By Jack Dignan
If you’re after a taut, simplistic, endlessly entertaining and quip-filled action comedy set in a single location and featuring a handful of men being shot in the face by Brie Larson, look no further. Free Fire is the film for you. English director Ben Whitley is not one to stray away from the strange and unusual, his films usually a blend of mainstream appeal and signature indie traits. They’re small budgeted, meaningful and entertaining as fuck. His latest directorial effort, the 70s-set Boston crime comedy, is no different. Yet at the same time, this is a film that prides itself in being drastically different to anything that’s come before it. And it’s a hell of a lot of fun.
Boston. 1978. A small crime gang led by the relentlessly unforgiving Frank (Michael Smiley) wait patiently outside of an abandoned warehouse. With him are Chris (Cillian Murphy) and Justine (Brie Larson), brought on to assist in an off-the-books illegal gun sale between a rival gang. This second gang is led by the charismatic, untrusting (and untrustworthy) Vernon (Sharlto Copley) and his associate Martin (Babou Ceesay). They’ve brought the guns, Frank’s brought the money, but there’s just one problem. They’re the wrong guns. Ord (Armie Hammer) has been brought on to ensure nothing goes wrong, but not even he can’t stop what’s coming next.
What follows this mix-up is a series of rather unfortunate events. From personal issues between gang members to countless derogatory comments, the tension soon rises, and with a handful of extra cast members in the mix, shit is about to go down. And that it does. Free Fire, quite literally, is nothing more than an extended shootout. It’s a single, 90-minute scene that’s executed creatively and vigorously. Witty one-liners and gruesome kills follow, making Free Fire one of the most consistently entertaining films of the year. Never is there a dull moment as each of these characters, all armed with distinct and conflicting personalities, engages in a never-ending shoot up where anything is possible and anyone can die.
Free Fire takes a while to find its footing. The opening scenes, while necessarily to establish the characters and their relations to one another, are hit and miss. Some moments work really well, especially the introduction to Armie Hammer’s character, but others fall flat. They’re not boring, nothing in this film is, but they never hit as hard as they should. The film boasts an extremely large cast, featuring the likes of not only the actors already mentioned, but also Jack Reynor, Noah Taylor, Sam Riley and a handful of others. Everyone collides in this outrageous, unhinged and thoroughly entertaining film that, once it gets going, there’s just no stopping it. From when the tension first arises, and after the initial bullet is shot, everything that follows is a chaotic, blood-filled joy to watch unfold.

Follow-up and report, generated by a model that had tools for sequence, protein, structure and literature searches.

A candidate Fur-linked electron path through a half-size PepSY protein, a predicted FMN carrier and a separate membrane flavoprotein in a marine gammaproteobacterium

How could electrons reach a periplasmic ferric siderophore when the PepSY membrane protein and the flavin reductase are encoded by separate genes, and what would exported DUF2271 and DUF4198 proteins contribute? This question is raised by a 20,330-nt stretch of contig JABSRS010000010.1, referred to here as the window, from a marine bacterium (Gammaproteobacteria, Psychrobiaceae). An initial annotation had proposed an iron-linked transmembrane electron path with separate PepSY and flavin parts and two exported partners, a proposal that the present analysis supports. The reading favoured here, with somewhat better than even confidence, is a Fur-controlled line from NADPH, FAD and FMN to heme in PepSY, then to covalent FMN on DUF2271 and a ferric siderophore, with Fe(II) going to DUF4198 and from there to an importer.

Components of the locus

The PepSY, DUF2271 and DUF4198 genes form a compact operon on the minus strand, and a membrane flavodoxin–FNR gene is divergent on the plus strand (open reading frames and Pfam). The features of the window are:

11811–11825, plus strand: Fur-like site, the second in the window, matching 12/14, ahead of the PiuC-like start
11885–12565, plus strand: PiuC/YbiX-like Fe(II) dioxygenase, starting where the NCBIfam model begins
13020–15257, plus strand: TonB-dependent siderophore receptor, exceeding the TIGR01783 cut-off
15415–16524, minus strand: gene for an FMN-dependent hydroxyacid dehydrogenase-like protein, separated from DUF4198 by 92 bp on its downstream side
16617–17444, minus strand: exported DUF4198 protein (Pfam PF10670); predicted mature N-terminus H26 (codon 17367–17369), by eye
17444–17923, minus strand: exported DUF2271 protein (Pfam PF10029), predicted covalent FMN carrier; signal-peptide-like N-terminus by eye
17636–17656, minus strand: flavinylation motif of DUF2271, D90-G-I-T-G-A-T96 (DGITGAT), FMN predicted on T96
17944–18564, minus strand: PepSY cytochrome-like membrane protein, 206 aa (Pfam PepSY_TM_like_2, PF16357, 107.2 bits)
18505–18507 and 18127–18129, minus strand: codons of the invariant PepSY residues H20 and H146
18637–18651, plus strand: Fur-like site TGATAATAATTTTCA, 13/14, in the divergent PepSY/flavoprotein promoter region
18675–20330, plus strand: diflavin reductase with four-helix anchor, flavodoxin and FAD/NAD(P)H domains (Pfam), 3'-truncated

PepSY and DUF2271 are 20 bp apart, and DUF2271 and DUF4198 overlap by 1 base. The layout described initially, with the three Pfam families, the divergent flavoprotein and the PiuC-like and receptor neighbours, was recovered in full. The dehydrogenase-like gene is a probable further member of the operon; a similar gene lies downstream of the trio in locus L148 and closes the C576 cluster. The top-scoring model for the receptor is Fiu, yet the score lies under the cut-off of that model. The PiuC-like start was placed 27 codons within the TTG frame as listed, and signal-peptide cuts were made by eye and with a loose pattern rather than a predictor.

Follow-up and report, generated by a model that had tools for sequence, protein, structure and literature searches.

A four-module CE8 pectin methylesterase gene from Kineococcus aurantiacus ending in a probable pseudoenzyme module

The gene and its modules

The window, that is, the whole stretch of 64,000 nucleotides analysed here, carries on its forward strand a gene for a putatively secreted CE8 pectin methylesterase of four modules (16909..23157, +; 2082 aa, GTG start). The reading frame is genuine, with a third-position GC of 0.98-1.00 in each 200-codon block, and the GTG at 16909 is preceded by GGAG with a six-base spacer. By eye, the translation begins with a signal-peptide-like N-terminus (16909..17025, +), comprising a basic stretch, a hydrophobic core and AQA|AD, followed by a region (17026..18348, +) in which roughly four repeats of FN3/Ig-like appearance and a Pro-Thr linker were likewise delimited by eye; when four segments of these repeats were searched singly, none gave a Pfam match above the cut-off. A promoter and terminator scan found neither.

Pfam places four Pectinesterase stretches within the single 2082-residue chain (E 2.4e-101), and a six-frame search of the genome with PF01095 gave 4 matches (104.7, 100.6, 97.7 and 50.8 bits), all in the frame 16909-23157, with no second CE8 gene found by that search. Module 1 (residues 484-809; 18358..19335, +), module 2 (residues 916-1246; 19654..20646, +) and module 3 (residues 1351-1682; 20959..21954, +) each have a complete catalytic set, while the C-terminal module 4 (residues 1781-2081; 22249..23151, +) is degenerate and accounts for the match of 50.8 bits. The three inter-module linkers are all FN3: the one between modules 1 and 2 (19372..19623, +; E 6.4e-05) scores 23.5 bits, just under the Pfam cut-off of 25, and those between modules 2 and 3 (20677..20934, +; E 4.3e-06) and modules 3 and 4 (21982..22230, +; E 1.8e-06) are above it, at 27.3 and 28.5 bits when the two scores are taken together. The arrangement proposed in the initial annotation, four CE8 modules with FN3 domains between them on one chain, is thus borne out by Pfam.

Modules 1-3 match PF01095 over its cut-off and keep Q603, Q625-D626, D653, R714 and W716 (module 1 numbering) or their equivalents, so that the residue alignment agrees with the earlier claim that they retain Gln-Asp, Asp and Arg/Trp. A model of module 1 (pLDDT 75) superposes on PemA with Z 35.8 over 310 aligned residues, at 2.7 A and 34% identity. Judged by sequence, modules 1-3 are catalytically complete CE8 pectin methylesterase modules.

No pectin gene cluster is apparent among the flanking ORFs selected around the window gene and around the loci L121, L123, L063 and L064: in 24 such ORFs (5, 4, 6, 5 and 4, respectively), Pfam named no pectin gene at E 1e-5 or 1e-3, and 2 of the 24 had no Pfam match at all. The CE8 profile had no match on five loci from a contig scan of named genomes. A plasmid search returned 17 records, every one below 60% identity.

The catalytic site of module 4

The thing that really holds this film together is the writing. Amy Jump and Ben Whitley’s screenplay is a bonkers, out of the norm experiment in structure and story. The characters each have their own personal agenda, and while not all of them are given too much depth, you’ll be surprised to find nobody’s brought in simply to be killed. I mean, yeah, some of them are, but this isn’t a horror film. Everyone that’s here is here for a reason, not just to play the role of ‘first victim.’ Their entire screenplay is lavished with dark, irreverent humour, and Jump and Whitley find themselves at their best when the action’s going down. Once these characters’ lives are on the line, their true selves come out, and my god is it funny. Everyone bounces off of each other in the greatest, most hilarious way possible. It’s going to be hard to get some of these soon-to-be iconic lines out of my head.
Amidst the violence, however, it’s easy to get lost in the carnage. Characters disappear for short periods of time, while others miraculously come back to life over and over. It may be confined to a single room, but working out who’s working with who can be quite the challenge. Everyone’s scattered, with no defining alliances, and while that’s good for dramatic purposes, I never knew what anyone was up to. Still, Whitley’s direction almost redeems that, armed with some killer cinematography. Creativity is a must for a film such as this one, and Whitley sure knows how to maneuver a camera. There’s an elegance and beauty to his compositions, constantly able to surprise me and do something different with his material.
As the plot gets underway, and a lot of the characters find themselves shot to pieces, the film does start to leave you with one lingering question. “Is this it?” The ending is fun, if not slightly predictable, but the entire film just left me wanting a little bit more. Still, Free Fire is one hell of a good time, allowing these actors to have some fun in their respective roles. Larson, Hammer and Copley may steal the show, but it’s Whitley’s film through and through. Different is good, and 2017, so far, has been a wonderful year for breaking the norm.
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